How to make love: 5 difficult sex conversations couples should have

The topic of sex can be challenging since it requires intense vulnerability from both partners.

Couples who discuss tricky topics, like what's going down in the bedroom, are 10 times more likely to have a happy relationship than those who ignore difficult subjects.

Not talking about your sexual needs with your partner can only create a self-perpetuating cycle of rejection and unhappiness. It may take courage to bring up these difficult discussions, but after you get through the initial awkwardness, it could be a game-changing experience for your intimacy.

Before you get beneath the sheets (and maybe even after), experts say you should have these sex conversations with your partner.

While it can be awkward, these difficult sex conversations are must-haves for any couple in a relationship:

  • Consent

Even in a committed, loving relationship, you should talk about your consent styles. Ensuring you and your partner are completely in sync on sexual activity creates trust and safety

Ask your partners if they need consistent consent or consensual non-consent.

Consistent consent is where you need to constantly ask your lover about where you touch them or vice versa. Consensual non-consent is where you have permitted your lover to do what they want and you have the voice to say ‘no’ if there's something that you don't enjoy that they're doing.

  • Initiation

Not everyone thinks to initiate sex. If one person is the only one initiating, it can become a point of resentment. Not to mention, potentially be a blow to the other person’s confidence. The initiating person can start to get reluctant or may even stop initiating sex if he or she gets rejected enough times.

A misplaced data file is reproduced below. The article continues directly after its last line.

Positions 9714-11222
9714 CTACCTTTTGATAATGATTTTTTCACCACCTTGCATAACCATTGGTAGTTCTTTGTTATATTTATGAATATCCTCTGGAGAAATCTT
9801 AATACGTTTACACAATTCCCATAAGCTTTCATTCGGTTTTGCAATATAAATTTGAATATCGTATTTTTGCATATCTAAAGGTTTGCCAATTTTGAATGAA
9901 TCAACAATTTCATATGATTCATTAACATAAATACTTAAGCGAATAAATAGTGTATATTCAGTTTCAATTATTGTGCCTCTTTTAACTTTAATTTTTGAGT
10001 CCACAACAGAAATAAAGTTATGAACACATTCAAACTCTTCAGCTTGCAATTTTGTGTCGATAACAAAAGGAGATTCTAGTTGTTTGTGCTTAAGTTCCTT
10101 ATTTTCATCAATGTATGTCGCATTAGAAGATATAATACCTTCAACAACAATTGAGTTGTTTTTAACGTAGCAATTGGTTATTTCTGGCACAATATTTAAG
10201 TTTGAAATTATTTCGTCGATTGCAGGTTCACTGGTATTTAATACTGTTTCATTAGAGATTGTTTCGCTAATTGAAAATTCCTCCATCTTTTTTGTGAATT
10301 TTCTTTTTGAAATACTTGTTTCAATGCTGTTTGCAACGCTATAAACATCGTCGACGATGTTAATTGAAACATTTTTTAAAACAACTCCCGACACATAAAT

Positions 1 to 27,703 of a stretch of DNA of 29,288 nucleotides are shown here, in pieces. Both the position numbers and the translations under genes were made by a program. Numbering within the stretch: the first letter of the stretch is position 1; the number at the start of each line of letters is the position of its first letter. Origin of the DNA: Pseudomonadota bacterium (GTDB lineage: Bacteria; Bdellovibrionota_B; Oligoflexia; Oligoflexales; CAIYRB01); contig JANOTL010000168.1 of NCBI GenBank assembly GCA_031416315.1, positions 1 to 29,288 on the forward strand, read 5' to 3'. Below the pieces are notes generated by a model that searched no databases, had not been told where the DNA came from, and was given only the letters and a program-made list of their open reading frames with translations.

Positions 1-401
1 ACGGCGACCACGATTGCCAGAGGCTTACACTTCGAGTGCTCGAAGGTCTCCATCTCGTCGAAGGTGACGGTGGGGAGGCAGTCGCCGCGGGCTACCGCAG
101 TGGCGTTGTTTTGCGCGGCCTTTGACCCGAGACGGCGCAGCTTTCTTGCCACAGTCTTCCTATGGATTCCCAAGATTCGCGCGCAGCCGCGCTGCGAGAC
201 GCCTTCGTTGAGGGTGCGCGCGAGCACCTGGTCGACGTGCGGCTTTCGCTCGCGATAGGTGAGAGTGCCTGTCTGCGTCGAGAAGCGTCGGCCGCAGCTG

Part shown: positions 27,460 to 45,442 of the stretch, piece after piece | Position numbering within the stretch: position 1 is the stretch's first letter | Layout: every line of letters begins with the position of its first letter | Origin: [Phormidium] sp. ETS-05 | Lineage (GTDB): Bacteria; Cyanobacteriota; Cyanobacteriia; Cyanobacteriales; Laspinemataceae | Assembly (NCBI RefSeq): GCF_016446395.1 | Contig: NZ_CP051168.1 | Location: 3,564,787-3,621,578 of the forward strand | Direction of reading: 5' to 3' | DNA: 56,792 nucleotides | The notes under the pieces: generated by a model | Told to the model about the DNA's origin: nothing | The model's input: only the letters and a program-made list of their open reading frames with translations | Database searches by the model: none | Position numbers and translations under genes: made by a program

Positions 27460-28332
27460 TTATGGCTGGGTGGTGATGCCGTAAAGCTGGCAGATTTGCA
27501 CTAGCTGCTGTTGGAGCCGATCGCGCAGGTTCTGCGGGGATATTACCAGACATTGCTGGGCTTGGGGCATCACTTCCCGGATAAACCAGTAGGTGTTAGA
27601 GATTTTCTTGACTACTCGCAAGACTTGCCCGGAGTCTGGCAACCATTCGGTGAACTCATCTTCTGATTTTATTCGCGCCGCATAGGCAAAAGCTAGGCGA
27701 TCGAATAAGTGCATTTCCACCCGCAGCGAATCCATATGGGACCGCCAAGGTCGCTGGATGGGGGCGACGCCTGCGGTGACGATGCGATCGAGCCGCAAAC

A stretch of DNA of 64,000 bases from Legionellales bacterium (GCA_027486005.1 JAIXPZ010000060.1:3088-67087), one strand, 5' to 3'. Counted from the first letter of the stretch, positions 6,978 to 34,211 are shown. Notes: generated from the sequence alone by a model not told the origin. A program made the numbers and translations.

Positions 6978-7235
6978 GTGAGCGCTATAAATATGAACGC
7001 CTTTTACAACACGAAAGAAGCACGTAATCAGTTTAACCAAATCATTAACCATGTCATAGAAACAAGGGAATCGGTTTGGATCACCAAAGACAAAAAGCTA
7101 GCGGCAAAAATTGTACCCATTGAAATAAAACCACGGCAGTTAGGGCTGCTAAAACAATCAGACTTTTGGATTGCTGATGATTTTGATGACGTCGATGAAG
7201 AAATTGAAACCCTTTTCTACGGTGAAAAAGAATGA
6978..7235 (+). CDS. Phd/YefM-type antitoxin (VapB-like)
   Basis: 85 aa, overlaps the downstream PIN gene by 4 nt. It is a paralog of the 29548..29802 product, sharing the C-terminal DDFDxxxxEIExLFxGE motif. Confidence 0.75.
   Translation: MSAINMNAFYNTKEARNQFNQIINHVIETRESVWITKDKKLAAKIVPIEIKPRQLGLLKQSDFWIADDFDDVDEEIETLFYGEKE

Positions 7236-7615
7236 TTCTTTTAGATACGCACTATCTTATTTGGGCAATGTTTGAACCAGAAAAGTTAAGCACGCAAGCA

To prevent or deal with these kinds of issues, it is in the couple's best interest to have a loving and candid conversation about each partner's thoughts and feelings about this and come up with a mutually acceptable plan.

  • Turn-ons and turn-offs

Many people struggle to be specific about what they enjoy in the bedroom and what they don’t since it’s a sensitive topic and sometimes difficult to explain. However, like many things in life, desires change over time, and what got you in the mood five years ago may not be the same today. The truth is you don’t really know what each other truly desires and is into until you ask and probe.

It is hence, important to sit and have a thorough conversation about this topic.

  • Frequency

Research has shown that two people rarely have matching libidos, making the topic of frequency a big one. Though you may not get all of the action you desire and your partner have to pony up for more, most can find common ground.

If it turns out there is quite a difference between how often each person wants sex, meeting in the middle may be the fairest and most emotionally healthy solution so that neither partner feels deprived or pressured.

Compromising like this allows room for both partners to feel heard, represented, and respected about this significant part of their relationship.

  • Past trauma

Experts suggest that the most vital sex conversation to have it’s the one about your past traumas. this is because any type of trauma leaves a scar of sorts, regardless of its emotional or physical. Past and present traumas have a significant impact on relationship dynamics.

You or your partner may have experienced a stressful upbringing, where sex had a negative connotation, and it’s something you struggle to find exciting and adventurous today. Or, you could have been abused in the past, creating another hurdle to overcome. Regardless of the situation, creating a safe space makes it easier to talk about these experiences. Wait until you feel you can 100 percent trust your partner, then sit down and tell them there are things about your past that you’d like to share with them. Be specific about how this may have affected your sexual preferences.


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